The best I could come up with was slow and careful use of the Dodge and Burn tools.  Set the strength really low (10%) and use a fully soft brush set to Midtones, and about the size of the dark bands.  Then slow brush out the shadows.

I have pasted this in the same size you uploaded it

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Adobe Community Professional ,
Jun 28, 2018 Jun 28, 2018

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Trevor.Dennis  wrote

I was not aware of this effect.  Do you know what causes it? 

This has to be the mains 50Hz frequency interfering with a scanning sensor at a certain shutter speed. It's the same effect as waving your spread fingers under a fluorescent tube.

I'm considering a Sony alpha, precisely because the clanking shutter of my Nikons is just too much in some delicate situations. It's very useful to know in advance that this is a potential problem.

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Adobe Community Professional ,
Jun 27, 2018 Jun 27, 2018

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Do you still have the RAW data?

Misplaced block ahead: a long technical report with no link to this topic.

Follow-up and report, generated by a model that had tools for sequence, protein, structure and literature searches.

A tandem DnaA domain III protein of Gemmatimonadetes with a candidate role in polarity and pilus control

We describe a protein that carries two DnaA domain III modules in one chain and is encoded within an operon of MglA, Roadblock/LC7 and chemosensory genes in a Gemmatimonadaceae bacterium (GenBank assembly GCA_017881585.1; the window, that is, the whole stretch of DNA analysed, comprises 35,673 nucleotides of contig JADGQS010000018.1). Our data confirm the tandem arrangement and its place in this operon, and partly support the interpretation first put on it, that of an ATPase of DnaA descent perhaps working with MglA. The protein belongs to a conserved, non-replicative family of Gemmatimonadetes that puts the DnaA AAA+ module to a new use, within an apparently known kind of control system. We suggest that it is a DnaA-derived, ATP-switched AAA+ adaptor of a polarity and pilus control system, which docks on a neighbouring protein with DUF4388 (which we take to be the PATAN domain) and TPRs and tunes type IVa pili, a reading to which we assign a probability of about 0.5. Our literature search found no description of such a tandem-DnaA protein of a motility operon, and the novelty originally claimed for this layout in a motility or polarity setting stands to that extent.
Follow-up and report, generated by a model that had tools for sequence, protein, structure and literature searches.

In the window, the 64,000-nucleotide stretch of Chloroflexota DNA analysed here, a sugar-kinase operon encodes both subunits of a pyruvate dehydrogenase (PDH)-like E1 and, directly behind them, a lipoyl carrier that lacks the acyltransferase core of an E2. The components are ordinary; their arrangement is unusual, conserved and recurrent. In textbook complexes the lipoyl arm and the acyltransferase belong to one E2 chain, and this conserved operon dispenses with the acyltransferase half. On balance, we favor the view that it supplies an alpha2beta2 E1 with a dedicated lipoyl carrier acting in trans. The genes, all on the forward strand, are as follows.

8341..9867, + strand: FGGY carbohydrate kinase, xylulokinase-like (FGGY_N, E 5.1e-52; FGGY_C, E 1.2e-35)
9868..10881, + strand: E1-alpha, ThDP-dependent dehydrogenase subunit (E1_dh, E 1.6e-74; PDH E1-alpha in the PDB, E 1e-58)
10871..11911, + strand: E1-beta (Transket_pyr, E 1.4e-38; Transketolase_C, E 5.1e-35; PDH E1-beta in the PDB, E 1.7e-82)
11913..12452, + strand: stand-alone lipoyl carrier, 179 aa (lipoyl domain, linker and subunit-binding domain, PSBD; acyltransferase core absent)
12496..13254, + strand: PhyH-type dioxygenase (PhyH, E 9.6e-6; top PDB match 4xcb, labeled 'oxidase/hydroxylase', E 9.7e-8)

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Explorer ,
Jun 28, 2018 Jun 28, 2018

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Yes I have.

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Explorer ,
Jun 28, 2018 Jun 28, 2018

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Led lighting dimming (on cheap ones) are done simply by pulsing light and not by the variation of intensity (technically it is call duty-cycle). Tank you for the answers.

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Community Beginner ,
Jun 10, 2020 Jun 10, 2020

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FYI, an expensive LED does dimming also by using a duty cycle.